New York Law Journal
“When Lawyers Investigate Jurors (Electronically)”
Full disclosure: One, the author nearly electrocutes himself whenever he turns on his computer. Two, he will disdainfully ask anyone who will listen-especially students, who are somewhat of a captive audience: "Why in the world would you have an account on Facebook (or any social media site) given the privacy risks that you will invariably encounter?" Three, he began practicing law at a time when jury voir dire, particularly in criminal cases, was altogether different than it is now.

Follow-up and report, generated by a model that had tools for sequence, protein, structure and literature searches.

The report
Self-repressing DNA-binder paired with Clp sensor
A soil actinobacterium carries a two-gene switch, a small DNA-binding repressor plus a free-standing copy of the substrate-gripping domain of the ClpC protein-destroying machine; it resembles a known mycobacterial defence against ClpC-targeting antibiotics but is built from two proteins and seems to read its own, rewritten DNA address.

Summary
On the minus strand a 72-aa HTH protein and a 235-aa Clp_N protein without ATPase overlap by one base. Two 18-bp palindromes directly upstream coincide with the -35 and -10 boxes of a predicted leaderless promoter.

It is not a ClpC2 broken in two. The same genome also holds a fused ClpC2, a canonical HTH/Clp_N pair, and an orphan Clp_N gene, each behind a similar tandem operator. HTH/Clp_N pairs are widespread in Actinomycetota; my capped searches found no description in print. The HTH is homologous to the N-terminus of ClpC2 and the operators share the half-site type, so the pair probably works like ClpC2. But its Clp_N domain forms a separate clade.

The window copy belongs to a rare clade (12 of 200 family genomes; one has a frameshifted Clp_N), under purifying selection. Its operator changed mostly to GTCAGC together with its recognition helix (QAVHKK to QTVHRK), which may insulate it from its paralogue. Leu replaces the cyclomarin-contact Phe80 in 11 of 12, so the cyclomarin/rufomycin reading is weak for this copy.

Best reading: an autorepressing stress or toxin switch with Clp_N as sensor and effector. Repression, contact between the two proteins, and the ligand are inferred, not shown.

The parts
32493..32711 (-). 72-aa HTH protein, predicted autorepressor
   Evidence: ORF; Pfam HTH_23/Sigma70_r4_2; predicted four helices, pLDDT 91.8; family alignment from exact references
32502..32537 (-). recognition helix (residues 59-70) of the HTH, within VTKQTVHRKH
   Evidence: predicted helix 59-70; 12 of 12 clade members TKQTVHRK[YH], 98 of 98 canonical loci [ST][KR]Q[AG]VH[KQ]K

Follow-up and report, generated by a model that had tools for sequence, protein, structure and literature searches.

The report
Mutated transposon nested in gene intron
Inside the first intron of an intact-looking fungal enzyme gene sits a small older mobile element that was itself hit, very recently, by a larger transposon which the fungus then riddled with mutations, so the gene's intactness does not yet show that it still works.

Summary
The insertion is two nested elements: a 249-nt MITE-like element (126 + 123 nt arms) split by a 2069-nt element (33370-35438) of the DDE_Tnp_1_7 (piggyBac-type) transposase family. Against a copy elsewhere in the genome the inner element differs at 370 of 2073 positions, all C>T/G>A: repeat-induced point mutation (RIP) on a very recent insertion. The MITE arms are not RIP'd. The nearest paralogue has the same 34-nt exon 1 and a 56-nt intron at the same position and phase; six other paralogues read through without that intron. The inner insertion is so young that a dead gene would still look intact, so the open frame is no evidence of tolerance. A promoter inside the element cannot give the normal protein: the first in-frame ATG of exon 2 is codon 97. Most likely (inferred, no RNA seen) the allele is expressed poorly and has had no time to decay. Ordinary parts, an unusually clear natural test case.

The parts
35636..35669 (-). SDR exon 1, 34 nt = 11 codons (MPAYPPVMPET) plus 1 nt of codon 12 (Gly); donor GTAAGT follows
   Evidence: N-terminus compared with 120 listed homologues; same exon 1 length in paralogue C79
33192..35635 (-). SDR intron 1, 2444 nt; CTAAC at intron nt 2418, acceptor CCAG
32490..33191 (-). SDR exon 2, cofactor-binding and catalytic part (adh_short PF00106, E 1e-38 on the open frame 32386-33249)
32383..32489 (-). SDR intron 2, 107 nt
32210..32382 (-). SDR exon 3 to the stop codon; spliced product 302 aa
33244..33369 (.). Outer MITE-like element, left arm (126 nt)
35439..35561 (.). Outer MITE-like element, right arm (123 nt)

In those days, trial attorneys were actually able, both under law and practice, to question jurors themselves. When they did so, they could look the jurors in the eye and see who (or what) was looking back. Trial attorneys were amateur shrinks who could, in at least their own minds, learn from a juror's obfuscations or basic body language, whether he might be helpful or a death knell to their client and his cause. Judges didn't simply ask plain vanilla, unpenetrating questions without meaningful follow-up. No elaborate jury questionnaires. No jury consultants. And most important, no Internet searches. It was pure, "I myself will make the decision on whether to strike a juror based on my (experienced) gut instinct." There-you have the mind-set.